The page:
Thursday, August 12, 2010

Cigarettes and Elasticity---this time "Reservation Price" has a different meaning...

   A product that is always ripe to increase taxes on, with little resistance from interest groups, is cigarettes.  It is assumed that the demand for cigarettes is relatively inelastic, which means consumers of cigarettes will NOT DECREASE their quantity demanded (in percentage terms) by MORE than the percentage INCREASE in the price of cigarettes.  The formula is % change in Quantity Demanded divided by the % change in Price multiplied by 100.  If the result is LESS than 1, then the good is considered to be PRICE INELASTIC.  It is generally accepted that cigarettes have an elasticity of less than 1.  However, in this article, the numbers do not bear this out. Can you figure out why?  Key info here:
""New York state boosted the cigarette tax to $4.35 a pack from $2.75 on July 1 as one of a series of measures designed to help close a $9.2 billion deficit for fiscal 2011, giving it the highest cigarette tax rate in the country....(Hayward's note: Tax increased $1.60)
With the per-pack price rising to a range of $9 to $12, "aghast" smokers flocked to tribal stores, which are tax-free, the black market, and border states with lower cigarette taxes, said the New York Association of Convenience Stores. (Hayward's note: I will use $10.50 as the price)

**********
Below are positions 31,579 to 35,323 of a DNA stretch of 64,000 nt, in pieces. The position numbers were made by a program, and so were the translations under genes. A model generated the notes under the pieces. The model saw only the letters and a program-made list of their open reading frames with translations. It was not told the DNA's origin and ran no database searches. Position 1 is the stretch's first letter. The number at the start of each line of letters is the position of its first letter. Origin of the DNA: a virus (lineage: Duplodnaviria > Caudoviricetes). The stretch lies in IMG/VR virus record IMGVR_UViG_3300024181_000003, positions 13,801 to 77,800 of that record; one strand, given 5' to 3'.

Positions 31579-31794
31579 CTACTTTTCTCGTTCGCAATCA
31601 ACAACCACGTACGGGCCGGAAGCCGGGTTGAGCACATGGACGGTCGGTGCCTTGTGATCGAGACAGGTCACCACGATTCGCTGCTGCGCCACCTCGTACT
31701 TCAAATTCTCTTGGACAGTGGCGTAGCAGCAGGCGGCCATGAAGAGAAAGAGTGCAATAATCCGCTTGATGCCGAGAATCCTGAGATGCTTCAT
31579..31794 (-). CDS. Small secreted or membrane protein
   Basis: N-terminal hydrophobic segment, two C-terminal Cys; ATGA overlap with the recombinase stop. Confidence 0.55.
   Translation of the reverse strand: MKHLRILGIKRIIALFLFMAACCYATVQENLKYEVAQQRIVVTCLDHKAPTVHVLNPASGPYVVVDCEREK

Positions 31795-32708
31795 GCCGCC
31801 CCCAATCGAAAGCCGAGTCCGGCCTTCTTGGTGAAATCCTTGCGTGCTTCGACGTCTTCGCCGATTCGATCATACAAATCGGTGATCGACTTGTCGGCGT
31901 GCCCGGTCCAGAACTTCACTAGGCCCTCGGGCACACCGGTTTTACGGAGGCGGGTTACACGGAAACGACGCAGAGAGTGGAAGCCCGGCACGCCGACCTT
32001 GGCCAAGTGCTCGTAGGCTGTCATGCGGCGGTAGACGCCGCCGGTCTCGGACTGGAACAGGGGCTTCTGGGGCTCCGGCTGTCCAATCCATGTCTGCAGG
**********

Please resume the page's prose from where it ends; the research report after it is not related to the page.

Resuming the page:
Convenience stores that are located close to reservation competitors sold 45 percent fewer cigarettes; more distant stores experienced drops of 25 percent to 35 percent, the lobbying group said...."
     Assume the new per pack price of cigarettes is $10.50 (halfway between the $9 to $12 cited in the article).  Before the tax the price of a pack was $8.90 ($10.50 minus $1.60 increase in the tax). The percentage change in price is +18% ($10.50 minus $8.90=$1.60 divided by $8.90 times 100= 17.97%).  For the good to be price inelastic, the percentage change in quantity demanded would have to be LESS than 18%.  The article cites two statistics for change in quantity demanded. One for stores close to reservations/tribal stores (NOT subjected to State Taxes) and one for stores further away from reservations/tribal stores.  If you use the numbers quoted for change in quantity demanded and plug them into the formula to determine elasticity you yield a number LARGER than one, indicating the good is PRICE ELASTIC.  Remember 18% is in the denominator.  What is going on here? What caused the good to magically change from an inelastic good to an elastic one?  Was this a bad policy?
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